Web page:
#1 - Experimental comparison of neuro-symbolic tools

  • Description: Most neuro-symbolic approaches have been independently tested and evaluated on some data sets and benchmarks, but the comparisons between different approaches and across different tasks remain limited. Based on the activities of the TAILOR excellence network, this project has the objective of carrying out an experimental activity that aims to fill this gap.

  • Supervised by: Andrea Galassi (, Marco Lippi (


#2 - Ground-specific Markov Logic Networks

  • Description: Markov Logic Networks (MLNs) are a statistical relational learning paradigm that combines first-order logic and probabilistic graphical models. Ground-specific MLNs extend MLNs by combining them with (deep) neural networks. This project aims to extend an existing implementation of MLNs in order to improve their usability across different tasks.

  • Supervised byAndrea Galassi (, Marco Lippi (

  • Type: SET UP

Legal Analytics

The domain of legal documents is one of those that would benefit the most from a wide development and application of NLP tools. At the same time, it typically requires a human with a high level of specialization and background knowledge to perform tasks in this context, which are difficult to transfer to an automatic tool.

In this context, we are involved in multiple projects (see ADELE and LAILA on the Projects page), which address tasks such as: argument mining, summarization, outcome prediction, and cross-lingual knowledge transfer.

Our purpose is to research and develop tools that can have a meaningful impact on the community. We are in close contact with teams of legal experts that can provide their expertise, and we have access to reserved datasets that can be used to develop automatic tools.

#1 - Judgement Prediction

  • Description: Judgement prediction is the task of predicting the judge's decision concerning a legal instance ruling. These textual documents often follow a particular organization: two parties, A and B, are involved in the instance ruling where A presents one or multiple requests. Facts and motivations concerning each request are reported in order. Eventually, the judge reports their decision for each individual request (either "accept" or "reject"). We aim to define automatic classification models that, given a request, the set of facts and motivations predicts the corresponding judge's decision.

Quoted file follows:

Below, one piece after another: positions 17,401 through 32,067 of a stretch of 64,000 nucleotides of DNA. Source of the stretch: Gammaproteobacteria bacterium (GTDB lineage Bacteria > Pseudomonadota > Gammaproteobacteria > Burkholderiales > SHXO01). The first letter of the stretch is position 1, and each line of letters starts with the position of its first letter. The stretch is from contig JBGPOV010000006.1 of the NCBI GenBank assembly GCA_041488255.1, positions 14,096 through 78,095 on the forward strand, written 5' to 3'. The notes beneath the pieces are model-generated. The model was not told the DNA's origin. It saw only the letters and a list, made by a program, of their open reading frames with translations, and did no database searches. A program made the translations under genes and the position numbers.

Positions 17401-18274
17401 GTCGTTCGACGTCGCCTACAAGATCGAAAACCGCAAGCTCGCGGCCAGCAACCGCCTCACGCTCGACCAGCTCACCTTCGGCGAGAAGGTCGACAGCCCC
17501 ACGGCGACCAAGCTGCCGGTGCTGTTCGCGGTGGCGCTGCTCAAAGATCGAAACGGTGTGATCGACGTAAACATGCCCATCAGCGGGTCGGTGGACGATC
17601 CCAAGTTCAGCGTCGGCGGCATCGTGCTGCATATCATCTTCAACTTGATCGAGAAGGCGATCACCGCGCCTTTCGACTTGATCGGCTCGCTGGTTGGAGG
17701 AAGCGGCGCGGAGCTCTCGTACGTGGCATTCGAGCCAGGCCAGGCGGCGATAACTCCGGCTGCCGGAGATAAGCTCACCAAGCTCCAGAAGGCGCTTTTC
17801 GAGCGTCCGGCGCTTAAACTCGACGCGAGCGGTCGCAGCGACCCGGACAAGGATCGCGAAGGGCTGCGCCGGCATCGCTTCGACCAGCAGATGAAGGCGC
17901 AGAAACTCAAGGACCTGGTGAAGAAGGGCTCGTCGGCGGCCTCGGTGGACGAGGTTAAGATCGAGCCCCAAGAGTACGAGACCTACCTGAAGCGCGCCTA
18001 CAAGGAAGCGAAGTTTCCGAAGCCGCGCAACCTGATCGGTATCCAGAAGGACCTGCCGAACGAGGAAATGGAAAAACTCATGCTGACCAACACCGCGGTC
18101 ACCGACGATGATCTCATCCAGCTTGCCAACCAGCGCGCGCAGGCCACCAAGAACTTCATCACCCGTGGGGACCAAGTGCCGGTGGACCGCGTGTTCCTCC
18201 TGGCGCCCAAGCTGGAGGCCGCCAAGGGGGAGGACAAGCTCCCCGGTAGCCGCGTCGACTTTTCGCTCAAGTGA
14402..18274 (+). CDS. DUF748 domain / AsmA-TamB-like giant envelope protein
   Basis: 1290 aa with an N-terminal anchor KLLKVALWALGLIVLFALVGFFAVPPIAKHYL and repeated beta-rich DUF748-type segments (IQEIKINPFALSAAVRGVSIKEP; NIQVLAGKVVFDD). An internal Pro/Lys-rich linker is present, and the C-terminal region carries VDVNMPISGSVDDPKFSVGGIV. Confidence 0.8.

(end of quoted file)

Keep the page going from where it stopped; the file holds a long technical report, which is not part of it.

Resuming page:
• Supervised by: Andrea Galassi (, Federico Ruggeri (, Elena Palmieri (


#2 - Neuro-Symbolic Legal Analysis

  • Description: Automatic tools for legal analytics are subject to tight requirements concerning model interpretability. More precisely, legal experts require tools with interpretable results to assess their degree of trustworthiness. We aim to define such tools via neuro-symbolic frameworks.

  • Supervised by: Andrea Galassi (, Federico Ruggeri (, Elena Palmieri (

  • Type: TBD

#3 - Cross-lingual Text Alignment and Label Projection

  • Description: Legal documents usually come in different formats depending on the given national regulations. To avoid costly annotation procedures to label the same document type in different languages, one solution concerns text alignment and label propagation. In particular, given two documents, A and B, where A is written in language L1 and B is written in language L2, the problem involves finding sentence(s) in B that correspond to sentence(s) in A and propagate labels accordingly (from A to B).

  • Supervised by: Andrea Galassi (, Marco Lippi (,


Development of new datasets and linguistic resources, and experiments on them

Modern machine learning techniques have proven capable of learning even very abstract and high-level concepts, but usually with a caveat: they need plenty of data! Even those techniques that allow unsupervised or semi-supervised learning still need accurate and reliable ground truth to validate and test the final models.

For these reasons, the development of corpora and datasets is a fundamental step toward the development of new models and techniques that can address complex tasks.

We are interested in creating and testing new language resources, especially for tasks that require expert knowledge/skills and/or languages other than English. We are also interested in using these resources to develop and/or test new models and techniques.

#1 - Open for proposals

Subjectivity, biases, propaganda for Fact-Checking

We are interested in develop tools that can help with the detection of non-objective content in news for the purpose of fact-checking.

#1 - Subjectivity

  • Description: Subjectivity detection is a task that is potentially useful in practical settings concerning fake news detection or document analysis. We have created a set of annotation guidelines for sentence labeling in textual documents after several discussions between computer scientists and linguistic experts. The aims of this project is to apply these annotation guidelines to create a new corpus, or extend existing annotated corpora for the task of subjectivity detection (i.e., determining if a sentence is subjective or objective with respect to its author point of view), or apply SotA NLP method to existing datasets. Open problems are document classification based on sentence-level annotation and transfer learning across languages

  • Supervised by: Andrea Galassi (, Federico Ruggeri (



#2 - Full pipeline integration